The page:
U.S. star Chloe Kim poised to be present and future of women's snowboarding

Teenage phenom credits her parents' sacrifices for burgeoning career

U.S. star Chloe Kim poised to be present and future of women's snowboarding
At 17, Chloe Kim is a three-time Winter X Games halfpipe champion and is poised to be the face of women's snowboarding. © Sean M. Haffey/Getty Images

By Chicco Nacion, CBC Sports

American snowboarder Chloe Kim isn't your ordinary teenager.

At the age of 17, she's won five Winter X Games medals and is the only woman to land back-to-back 1080 spins in halfpipe competition.

That performance in 2016 earned the Long Beach, Calif., native a perfect 100 score — something only legendary compatriot Shaun White has accomplished.

It's likely Kim would have won a medal of some colour in Sochi, but at 13 years old at the time was too young to compete. The Olympics are restricted to athletes 15 and older.

Kim, though, has no issues with the age limit as the wait helped her prepare for her Olympic debut in Pyeongchang.

"I was kind of happy I wasn't old enough to go," Kim said recently. "Now that I think about it, I wouldn't have been able to handle the pressure and everything that comes with it."

Parents' sacrifices

Kim hasn't let the success go to her head and she attributes that to her inner circle of friends and family. Her older sisters make sure they put her in place when necessary and Kim says that being the same person has in turn translated into success. 

"It's just me surrounding myself with good people and my family is so supportive — they keep me very grounded," she said. "When I go home, it's not like [I'm] a princess or anything. I'm still the youngest daughter. Just staying myself keeps me comfortable snowboarding and gets me in the right headspace."

Kim's parents sacrificed a lot to make their daughter's Olympic dreams a reality.

Her father, Jong-Jin, saw Kim win a junior national title at age six and that was enough for him to quit his engineering job and do everything within his power to help her succeed.

They moved to Switzerland when Kim was eight. Every other month, she had a two-week vacation from school during which the two would travel to the Alps, her training base for two years.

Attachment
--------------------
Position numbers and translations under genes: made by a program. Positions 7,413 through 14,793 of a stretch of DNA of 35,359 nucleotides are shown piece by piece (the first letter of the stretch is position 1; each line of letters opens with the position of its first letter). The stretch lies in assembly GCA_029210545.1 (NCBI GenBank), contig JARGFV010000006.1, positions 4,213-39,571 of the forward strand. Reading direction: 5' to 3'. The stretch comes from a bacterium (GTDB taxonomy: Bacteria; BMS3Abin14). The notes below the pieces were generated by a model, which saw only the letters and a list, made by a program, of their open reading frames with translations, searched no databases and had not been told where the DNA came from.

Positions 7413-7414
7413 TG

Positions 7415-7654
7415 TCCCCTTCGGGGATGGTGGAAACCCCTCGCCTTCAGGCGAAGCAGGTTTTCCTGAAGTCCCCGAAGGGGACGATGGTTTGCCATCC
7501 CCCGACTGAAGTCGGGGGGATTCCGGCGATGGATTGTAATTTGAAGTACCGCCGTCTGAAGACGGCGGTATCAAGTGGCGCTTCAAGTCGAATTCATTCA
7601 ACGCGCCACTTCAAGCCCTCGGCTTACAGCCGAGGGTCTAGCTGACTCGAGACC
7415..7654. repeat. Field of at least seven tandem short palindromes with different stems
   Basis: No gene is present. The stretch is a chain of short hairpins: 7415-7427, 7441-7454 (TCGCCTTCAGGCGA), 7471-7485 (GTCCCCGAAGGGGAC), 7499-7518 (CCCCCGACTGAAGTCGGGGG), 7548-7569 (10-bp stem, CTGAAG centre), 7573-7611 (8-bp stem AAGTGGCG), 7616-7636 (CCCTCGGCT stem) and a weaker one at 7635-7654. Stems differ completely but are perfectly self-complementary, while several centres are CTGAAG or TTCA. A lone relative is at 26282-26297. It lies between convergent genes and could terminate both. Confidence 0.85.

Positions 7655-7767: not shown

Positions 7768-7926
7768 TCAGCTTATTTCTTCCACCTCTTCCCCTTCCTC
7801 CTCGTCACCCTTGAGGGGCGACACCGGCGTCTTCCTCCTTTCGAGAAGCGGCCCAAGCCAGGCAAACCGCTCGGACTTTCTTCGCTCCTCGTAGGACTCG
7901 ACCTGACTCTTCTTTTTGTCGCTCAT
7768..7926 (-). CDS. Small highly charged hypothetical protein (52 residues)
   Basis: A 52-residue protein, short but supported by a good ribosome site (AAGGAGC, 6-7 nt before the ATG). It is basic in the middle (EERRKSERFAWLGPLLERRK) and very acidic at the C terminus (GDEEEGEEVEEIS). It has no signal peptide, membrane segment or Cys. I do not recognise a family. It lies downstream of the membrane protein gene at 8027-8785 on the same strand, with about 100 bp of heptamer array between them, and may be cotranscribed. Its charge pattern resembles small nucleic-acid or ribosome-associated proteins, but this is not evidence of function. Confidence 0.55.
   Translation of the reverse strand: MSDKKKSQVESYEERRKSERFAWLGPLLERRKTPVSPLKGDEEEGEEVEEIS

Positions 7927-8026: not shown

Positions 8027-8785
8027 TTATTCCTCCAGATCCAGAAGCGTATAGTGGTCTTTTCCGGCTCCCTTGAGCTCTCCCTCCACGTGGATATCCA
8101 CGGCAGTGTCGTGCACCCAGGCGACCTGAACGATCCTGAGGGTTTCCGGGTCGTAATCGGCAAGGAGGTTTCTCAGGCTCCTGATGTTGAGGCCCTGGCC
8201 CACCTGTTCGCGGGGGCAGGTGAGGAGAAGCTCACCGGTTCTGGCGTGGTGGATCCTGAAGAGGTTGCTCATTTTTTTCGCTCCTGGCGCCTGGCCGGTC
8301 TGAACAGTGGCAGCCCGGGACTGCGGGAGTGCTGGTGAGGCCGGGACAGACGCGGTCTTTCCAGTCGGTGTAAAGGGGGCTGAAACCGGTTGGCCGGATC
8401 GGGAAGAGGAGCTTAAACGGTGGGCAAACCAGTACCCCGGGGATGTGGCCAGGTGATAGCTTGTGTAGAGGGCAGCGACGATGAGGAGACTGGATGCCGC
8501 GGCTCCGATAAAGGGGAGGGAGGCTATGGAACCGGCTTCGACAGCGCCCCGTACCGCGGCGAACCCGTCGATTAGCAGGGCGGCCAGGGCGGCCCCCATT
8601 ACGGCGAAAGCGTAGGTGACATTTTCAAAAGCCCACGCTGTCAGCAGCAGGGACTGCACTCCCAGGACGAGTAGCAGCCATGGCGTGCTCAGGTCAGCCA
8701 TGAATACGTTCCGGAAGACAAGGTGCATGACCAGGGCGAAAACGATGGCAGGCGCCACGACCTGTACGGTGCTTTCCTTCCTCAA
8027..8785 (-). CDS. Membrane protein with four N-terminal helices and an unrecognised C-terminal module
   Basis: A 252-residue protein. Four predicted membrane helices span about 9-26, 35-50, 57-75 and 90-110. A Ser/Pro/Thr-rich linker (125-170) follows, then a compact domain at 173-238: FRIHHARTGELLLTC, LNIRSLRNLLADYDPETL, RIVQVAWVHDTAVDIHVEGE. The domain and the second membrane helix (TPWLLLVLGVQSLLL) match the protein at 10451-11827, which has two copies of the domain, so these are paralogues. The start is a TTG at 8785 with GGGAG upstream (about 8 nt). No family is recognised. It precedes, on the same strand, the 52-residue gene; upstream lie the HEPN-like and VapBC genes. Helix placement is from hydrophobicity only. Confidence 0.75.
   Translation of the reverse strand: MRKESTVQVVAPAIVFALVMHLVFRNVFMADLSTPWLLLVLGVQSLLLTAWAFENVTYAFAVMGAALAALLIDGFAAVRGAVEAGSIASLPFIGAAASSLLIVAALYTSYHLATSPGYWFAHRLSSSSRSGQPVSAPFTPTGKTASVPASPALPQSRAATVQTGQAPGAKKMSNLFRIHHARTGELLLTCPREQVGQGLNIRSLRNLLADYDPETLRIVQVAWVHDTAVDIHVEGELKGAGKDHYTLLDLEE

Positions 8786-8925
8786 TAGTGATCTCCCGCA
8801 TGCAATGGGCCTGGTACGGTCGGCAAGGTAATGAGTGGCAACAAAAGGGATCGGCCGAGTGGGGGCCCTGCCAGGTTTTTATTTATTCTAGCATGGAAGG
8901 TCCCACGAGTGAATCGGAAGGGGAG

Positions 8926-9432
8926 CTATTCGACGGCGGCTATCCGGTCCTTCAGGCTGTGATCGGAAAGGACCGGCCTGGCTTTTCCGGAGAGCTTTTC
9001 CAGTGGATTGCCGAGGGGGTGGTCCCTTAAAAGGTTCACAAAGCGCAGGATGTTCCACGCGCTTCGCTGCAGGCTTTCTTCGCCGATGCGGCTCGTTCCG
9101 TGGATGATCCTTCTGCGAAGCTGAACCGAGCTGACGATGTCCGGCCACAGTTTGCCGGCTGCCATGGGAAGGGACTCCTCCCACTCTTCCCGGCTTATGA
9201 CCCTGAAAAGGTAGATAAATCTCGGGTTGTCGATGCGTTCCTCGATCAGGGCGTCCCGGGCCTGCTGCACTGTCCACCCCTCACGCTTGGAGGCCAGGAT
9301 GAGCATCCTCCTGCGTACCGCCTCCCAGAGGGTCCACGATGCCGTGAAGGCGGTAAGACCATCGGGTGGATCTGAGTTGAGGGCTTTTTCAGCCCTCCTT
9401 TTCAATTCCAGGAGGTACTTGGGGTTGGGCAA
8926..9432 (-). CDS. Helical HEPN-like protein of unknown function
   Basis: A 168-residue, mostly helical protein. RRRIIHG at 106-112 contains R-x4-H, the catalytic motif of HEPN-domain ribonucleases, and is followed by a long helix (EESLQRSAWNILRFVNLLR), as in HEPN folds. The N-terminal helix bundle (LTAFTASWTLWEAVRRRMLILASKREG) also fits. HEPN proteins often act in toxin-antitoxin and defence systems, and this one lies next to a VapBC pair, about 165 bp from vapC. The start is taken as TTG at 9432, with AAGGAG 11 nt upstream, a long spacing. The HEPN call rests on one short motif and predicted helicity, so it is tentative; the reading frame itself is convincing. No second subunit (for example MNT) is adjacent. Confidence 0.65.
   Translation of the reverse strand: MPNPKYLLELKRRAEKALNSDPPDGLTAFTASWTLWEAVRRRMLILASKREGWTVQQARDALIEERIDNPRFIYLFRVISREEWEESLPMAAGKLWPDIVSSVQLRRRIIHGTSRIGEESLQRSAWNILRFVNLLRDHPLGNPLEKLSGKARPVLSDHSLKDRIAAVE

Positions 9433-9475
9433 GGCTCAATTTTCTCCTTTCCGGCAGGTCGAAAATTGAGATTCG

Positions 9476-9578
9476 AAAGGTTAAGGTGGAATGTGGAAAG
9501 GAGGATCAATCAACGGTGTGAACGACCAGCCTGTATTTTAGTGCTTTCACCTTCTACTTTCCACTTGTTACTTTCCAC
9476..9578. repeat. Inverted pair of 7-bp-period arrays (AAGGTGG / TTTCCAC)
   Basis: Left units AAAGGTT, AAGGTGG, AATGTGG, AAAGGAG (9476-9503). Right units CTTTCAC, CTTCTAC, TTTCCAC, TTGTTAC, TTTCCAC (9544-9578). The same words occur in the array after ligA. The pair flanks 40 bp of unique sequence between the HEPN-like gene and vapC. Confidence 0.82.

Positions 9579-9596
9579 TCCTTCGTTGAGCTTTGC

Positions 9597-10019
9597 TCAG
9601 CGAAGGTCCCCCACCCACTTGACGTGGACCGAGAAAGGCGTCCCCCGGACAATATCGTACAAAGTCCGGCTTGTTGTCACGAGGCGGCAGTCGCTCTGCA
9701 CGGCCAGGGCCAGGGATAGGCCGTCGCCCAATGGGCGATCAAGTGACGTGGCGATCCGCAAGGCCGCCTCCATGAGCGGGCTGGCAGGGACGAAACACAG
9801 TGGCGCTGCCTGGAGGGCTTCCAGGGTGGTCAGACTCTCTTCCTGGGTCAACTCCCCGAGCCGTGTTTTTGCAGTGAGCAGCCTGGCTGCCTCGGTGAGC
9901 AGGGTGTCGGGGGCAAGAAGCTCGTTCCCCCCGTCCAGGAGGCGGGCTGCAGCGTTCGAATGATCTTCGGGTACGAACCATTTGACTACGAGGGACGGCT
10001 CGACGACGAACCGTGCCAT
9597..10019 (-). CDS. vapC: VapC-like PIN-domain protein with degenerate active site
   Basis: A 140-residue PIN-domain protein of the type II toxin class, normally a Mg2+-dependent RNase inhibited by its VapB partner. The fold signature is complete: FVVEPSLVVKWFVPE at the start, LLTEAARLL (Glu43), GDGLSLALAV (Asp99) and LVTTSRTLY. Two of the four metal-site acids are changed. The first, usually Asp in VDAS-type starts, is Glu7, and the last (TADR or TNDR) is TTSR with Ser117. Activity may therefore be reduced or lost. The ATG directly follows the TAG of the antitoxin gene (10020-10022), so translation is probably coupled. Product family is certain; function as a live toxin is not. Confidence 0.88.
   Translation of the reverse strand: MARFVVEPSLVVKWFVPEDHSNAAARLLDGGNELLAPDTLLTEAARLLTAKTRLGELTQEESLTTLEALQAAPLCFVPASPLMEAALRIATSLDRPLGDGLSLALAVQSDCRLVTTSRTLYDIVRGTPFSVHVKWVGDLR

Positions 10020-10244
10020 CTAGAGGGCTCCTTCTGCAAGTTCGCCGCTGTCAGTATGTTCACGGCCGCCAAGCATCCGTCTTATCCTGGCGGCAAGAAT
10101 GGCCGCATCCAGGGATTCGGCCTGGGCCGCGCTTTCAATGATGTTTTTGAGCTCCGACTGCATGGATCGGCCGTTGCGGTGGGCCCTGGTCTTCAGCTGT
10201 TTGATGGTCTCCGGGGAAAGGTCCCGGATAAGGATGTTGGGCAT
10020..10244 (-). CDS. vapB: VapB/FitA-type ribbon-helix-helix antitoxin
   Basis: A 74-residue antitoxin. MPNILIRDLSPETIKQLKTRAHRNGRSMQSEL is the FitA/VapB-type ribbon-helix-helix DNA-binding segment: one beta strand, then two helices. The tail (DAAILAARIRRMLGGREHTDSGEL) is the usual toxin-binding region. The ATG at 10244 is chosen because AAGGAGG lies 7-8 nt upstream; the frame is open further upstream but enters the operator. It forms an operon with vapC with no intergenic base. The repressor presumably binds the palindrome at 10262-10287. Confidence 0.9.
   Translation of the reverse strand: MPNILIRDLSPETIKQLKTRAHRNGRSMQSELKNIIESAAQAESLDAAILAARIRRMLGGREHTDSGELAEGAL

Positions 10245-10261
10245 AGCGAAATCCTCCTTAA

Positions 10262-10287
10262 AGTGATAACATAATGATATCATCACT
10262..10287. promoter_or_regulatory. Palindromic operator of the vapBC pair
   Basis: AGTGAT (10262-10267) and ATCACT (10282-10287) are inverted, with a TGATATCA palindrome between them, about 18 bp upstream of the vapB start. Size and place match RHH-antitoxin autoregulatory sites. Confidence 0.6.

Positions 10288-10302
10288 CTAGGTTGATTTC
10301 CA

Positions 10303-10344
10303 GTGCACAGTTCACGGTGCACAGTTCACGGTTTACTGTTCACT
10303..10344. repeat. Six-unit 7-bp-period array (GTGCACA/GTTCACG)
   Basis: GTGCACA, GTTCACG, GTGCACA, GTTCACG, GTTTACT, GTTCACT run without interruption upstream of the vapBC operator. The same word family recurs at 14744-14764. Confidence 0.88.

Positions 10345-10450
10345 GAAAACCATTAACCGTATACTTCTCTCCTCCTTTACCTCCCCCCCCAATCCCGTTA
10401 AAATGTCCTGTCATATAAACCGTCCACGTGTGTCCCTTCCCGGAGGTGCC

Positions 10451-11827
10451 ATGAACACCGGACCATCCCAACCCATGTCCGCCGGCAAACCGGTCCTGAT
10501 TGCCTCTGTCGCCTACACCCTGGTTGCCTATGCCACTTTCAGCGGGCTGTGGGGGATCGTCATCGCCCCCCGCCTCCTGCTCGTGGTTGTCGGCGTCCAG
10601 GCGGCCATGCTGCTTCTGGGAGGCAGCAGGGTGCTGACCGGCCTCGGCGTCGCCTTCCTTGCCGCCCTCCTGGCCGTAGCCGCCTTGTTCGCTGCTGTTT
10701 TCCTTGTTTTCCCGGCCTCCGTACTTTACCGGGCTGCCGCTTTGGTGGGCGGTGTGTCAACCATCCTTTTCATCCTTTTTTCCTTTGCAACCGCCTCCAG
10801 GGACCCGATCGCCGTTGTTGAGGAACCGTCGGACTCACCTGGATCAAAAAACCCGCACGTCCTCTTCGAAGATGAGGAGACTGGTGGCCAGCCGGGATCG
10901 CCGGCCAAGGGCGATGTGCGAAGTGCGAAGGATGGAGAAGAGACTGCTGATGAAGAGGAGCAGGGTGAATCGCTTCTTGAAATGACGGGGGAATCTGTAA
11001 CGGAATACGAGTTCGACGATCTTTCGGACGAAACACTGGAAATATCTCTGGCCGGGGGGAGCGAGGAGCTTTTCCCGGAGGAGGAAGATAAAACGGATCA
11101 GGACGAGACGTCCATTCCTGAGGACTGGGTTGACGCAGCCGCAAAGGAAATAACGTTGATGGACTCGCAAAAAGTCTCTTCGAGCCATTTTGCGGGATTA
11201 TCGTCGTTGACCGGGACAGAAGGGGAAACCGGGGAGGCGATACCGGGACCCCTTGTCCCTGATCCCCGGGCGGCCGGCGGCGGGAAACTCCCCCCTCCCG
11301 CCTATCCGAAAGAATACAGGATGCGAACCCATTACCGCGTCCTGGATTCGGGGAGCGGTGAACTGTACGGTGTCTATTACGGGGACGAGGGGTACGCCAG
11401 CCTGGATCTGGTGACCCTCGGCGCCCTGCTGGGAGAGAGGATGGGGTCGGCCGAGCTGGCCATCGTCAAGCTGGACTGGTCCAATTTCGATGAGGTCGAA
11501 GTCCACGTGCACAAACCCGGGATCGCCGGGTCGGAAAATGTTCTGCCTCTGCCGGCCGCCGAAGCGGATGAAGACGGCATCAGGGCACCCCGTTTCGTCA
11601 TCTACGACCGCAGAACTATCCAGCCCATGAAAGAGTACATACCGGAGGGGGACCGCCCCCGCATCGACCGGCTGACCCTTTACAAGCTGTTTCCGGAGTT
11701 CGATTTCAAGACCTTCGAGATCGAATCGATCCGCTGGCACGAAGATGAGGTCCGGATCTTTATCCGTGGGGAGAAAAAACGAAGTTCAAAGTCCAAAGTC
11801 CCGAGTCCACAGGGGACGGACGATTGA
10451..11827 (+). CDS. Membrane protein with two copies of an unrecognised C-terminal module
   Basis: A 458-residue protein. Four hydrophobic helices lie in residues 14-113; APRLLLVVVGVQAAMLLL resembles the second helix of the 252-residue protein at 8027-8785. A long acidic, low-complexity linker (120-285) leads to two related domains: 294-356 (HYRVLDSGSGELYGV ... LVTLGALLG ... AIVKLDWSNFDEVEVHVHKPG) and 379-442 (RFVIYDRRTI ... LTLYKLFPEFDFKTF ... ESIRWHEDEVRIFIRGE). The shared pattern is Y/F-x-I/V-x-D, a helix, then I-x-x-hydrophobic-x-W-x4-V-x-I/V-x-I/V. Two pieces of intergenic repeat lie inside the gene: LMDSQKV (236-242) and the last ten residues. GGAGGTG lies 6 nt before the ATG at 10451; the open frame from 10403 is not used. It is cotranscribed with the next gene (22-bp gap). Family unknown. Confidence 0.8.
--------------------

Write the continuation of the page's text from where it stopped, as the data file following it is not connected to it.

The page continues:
"The most important thing was just their never ending support," Kim said. "They were always there for me. They gave up a lot. That's probably exhausting — taking care of a kid, traveling ... without their support I wouldn't be here. They believed in me even if it was hard [to]."

Centre of attention

All eyes will be on Kim when she drops into the halfpipe as qualifying begins Sunday (11:30 p.m. ET).

Not only is she a favourite, but Pyeongchang is a homecoming of sorts as her parents are both Korean and she'll have plenty of extended family in attendance.

Despite being born and raised in the United States, Kim has been treated as one of their own — almost like a K-Pop star.

She's fluent in Korean and is very much in touch with her culture.

Kim recognizes that it's a unique situation to be almost representing both countries and an Olympic gold medal could launch her onto another level of stardom.

But just as she's done so far in her young career, Kim is handling the situation with poise beyond her years.

"I just need to think about it like a normal practice — just take a step back, focus on myself, and not worry about what other people are going to think or what other people are going to say," Kim said. 

"I don't [want to] put too much pressure on myself because it is my first Olympics and I'm going to learn a lot from it and do better at the next one. I want to go in with an open mind and enjoy the moment."